House International Relations Committee
Congressman Henry J. Hyde
CONTACTS: Sam Stratman, (202) 226-7875, December 6, 2001
For IMMEDIATE Release
Hyde Global HIV/AIDS Legislation
Scheduled for House Vote December 11
- A $1.3 billion one-year authorization bill to address the global HIV/AIDS
crisis is scheduled for a vote in the House of Representatives on Tuesday,
December 11 its chief sponsor, U.S. Rep. Henry J. Hyde (R-IL), chairman of the
House International Relations Committee announced Thursday.
The bipartisan legislation, the Global Access to
HIV/AIDS Prevention, Awareness, Education and Treatment Act (HR 2069), was
approved 32-4 in June by the committee with support from cosponsors U.S. Reps.
Tom Lantos (D-CA), Jim Leach (R-IA) and Barbara Lee (D-CA).
"The scourge of HIV/AIDS is one of the great moral
challenges of our era, for it is one of the most compelling humanitarian and
national security crisis of modern times," Hyde said, adding,
"Everyone has a stake in what tragically could be the plague of the 21st
century, and we must meet this test by reaching out now to those most in need.
It is the right thing to do for our children, our country, and our world,"
Highlights of the HR 2069 (As amended):
for an international AIDS trust fund.
$485 million in
bilateral assistance largely through non-governmental organizations including
faith-based organizations and administered by the U.S. Agency for
International Development (USAID) to undertake a comprehensive program of
HIV/AIDS education, and treatment; including
prevention activities that promote behavioral change.
$50 million for a
pilot program for treatment of those infected by assisting developing
countries in procuring pharmaceuticals and anti-viral therapies.
Establishes programs to strengthen and broaden
indigenous health care delivery systems and the capacity of such systems to
deliver HIV/AIDS pharmaceuticals.
Provides assistance aimed at the prevention of
transmission of HIV/AIDS from mother to child.
Provides assistance to strengthen and expand hospice
and palliative care programs.
Funds care and support of children who are orphaned by
the HIV/AIDS pandemic.
Funds vaccine research and development partnership
programs to develop a safe, effective, accessible, preventive HIV vaccine for
use throughout the world.
Establishes microenterprise programs that provide poor
families affected by HIV/AIDS with the economic means to care for themselves,
their children, and orphans.
Establishes an aggressive oversight program to monitor
projects, and activities.
Facts about the Global HIV/AIDS crisis:
According to the Joint United Nations Programme on
HIV/AIDS (UNAIDS) more than 58 million people worldwide are infected with
HIV/AIDS; 22 million have died, 17 million in sub-Saharan Africa alone.
The HIV/AIDS pandemic in sub-Saharan Africa has grown
beyond an international public health issue to become a humanitarian, national
security, and developmental crisis. The pandemic is striking hardest among
women and girls. According to UNAIDS, by the end of 2000, 55 percent of the
HIV-positive population in sub-Saharan Africa and 40 percent of such
population in North Africa and the Middle East were women, infected mainly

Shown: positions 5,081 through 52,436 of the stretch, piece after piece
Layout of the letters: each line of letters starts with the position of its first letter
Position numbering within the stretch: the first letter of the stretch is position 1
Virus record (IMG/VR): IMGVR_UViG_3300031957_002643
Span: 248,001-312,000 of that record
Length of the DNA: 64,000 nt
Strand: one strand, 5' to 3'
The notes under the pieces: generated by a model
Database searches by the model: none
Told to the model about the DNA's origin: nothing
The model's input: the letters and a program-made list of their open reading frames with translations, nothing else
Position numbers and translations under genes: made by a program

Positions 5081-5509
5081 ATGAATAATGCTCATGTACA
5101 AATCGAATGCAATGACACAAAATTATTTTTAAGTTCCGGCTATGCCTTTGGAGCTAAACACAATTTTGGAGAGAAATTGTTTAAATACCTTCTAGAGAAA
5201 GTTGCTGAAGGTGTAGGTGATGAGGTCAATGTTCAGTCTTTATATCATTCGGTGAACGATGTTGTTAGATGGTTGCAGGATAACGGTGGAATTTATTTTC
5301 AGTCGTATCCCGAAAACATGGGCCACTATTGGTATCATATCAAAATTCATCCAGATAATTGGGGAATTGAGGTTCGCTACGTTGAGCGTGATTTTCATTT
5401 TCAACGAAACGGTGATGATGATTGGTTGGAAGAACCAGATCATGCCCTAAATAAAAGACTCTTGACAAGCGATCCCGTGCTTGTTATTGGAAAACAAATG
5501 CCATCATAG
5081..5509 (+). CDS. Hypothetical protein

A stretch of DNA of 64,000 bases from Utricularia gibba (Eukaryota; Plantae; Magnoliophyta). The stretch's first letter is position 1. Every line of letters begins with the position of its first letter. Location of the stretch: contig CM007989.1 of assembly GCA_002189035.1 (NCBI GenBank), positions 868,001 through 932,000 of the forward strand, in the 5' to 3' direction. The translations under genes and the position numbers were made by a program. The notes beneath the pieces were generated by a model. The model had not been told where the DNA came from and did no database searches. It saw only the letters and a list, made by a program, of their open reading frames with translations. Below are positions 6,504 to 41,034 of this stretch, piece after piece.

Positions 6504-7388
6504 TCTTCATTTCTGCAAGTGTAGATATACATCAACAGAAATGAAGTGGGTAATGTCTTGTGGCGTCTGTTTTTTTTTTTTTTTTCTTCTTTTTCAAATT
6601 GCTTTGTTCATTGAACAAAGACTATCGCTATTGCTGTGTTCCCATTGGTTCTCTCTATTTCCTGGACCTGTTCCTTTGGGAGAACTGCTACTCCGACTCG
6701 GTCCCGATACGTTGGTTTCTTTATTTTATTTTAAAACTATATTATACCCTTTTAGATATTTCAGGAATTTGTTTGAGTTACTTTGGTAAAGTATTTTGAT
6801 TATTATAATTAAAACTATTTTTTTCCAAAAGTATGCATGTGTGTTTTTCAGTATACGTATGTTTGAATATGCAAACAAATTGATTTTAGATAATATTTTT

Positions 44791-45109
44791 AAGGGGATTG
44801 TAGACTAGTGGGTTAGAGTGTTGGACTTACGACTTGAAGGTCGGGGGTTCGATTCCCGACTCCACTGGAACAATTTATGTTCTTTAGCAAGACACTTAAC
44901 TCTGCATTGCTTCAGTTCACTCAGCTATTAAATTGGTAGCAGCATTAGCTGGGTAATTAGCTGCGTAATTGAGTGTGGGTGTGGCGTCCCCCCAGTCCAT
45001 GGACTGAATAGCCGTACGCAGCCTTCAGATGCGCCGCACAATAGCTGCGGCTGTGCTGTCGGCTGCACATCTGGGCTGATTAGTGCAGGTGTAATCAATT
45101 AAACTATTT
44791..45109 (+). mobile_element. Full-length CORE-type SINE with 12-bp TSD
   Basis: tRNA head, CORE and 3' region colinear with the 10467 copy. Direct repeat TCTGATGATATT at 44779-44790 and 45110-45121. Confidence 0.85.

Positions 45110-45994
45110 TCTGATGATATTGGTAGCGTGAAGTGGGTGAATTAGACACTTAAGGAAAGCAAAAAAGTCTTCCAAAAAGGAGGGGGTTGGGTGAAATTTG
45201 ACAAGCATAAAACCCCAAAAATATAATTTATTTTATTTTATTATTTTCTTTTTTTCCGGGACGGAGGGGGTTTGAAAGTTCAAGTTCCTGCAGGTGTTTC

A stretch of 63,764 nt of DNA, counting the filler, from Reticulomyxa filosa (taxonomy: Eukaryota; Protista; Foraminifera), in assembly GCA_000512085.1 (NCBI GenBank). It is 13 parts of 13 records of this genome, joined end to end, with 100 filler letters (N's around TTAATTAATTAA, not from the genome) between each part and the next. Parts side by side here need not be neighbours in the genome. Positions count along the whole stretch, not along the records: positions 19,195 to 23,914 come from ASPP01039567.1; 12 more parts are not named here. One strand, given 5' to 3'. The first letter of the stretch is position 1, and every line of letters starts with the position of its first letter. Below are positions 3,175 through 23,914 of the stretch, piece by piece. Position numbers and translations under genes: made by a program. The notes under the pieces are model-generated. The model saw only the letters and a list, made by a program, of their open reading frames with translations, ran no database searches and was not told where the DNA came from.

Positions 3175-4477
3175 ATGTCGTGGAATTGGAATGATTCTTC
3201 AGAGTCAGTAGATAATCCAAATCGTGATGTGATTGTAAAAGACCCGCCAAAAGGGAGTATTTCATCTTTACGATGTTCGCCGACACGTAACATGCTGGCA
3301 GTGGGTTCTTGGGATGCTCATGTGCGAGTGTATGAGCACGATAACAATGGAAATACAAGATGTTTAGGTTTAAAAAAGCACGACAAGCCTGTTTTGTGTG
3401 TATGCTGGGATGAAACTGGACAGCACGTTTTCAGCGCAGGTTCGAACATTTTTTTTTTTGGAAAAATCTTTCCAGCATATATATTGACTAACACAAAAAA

through heterosexual transmission. In Africa, 6 out of 7 children who are HIV
positive are girls.
An estimated 1.4 million children under age 15 were
living with HIV/AIDS at the end of 2000, of which 1.1 million were children
living in sub-Saharan Africa. An estimated 500,000 children died of AIDS
during 2000, of which 440,000 were children in sub-Saharan Africa. In addition
there are an estimated 13.2 million children worldwide who have lost one or
both of their parents to HIV/AIDS, of which 12.1 million are children in
Although the HIV/AIDS pandemic has impacted the
sub-Saharan Africa disproportionately, HIV infection rates are rising rapidly
in India and other South Asian countries, Brazil, Russia, Eastern European
countries, and Caribbean countries, and pose a serious threat to the security
and stability in those countries. Infection rates are rising rapidly in Haiti
and the Caribbean, where an estimated 5 percent of the population has AIDS or
In January 2000, the United States National
Intelligence Council estimated that this dramatic increase in AIDS orphans
will contribute to economic decay, social fragmentation, and political
destabilization in already volatile and strained societies. Children without
care or hope are often drawn into prostitution, crime, substance abuse or
child soldiery. The Council also stated that, in addition to the reduction of
economic activity caused by HIV/AIDS to date, the disease could reduce GDP by
as much as 20 percent or more by 2010 in some countries in sub-Saharan Africa.
The HIV/AIDS epidemic is not just a health crisis but
is directly linked to development problems, including chronic poverty, food
security and personal debt that are reflected in the capacity of affected
households, often headed by elders or orphaned children, to meet basic needs.
Similarly, heavily-indebted countries are stripped of the resources necessary
to improve health care delivery systems and infrastructure and to prevent,
treat, and care for individuals affected by HIV/AIDS.
By 2010, it is estimated that approximately
40,000,000 children worldwide will have lost one or both of their parents to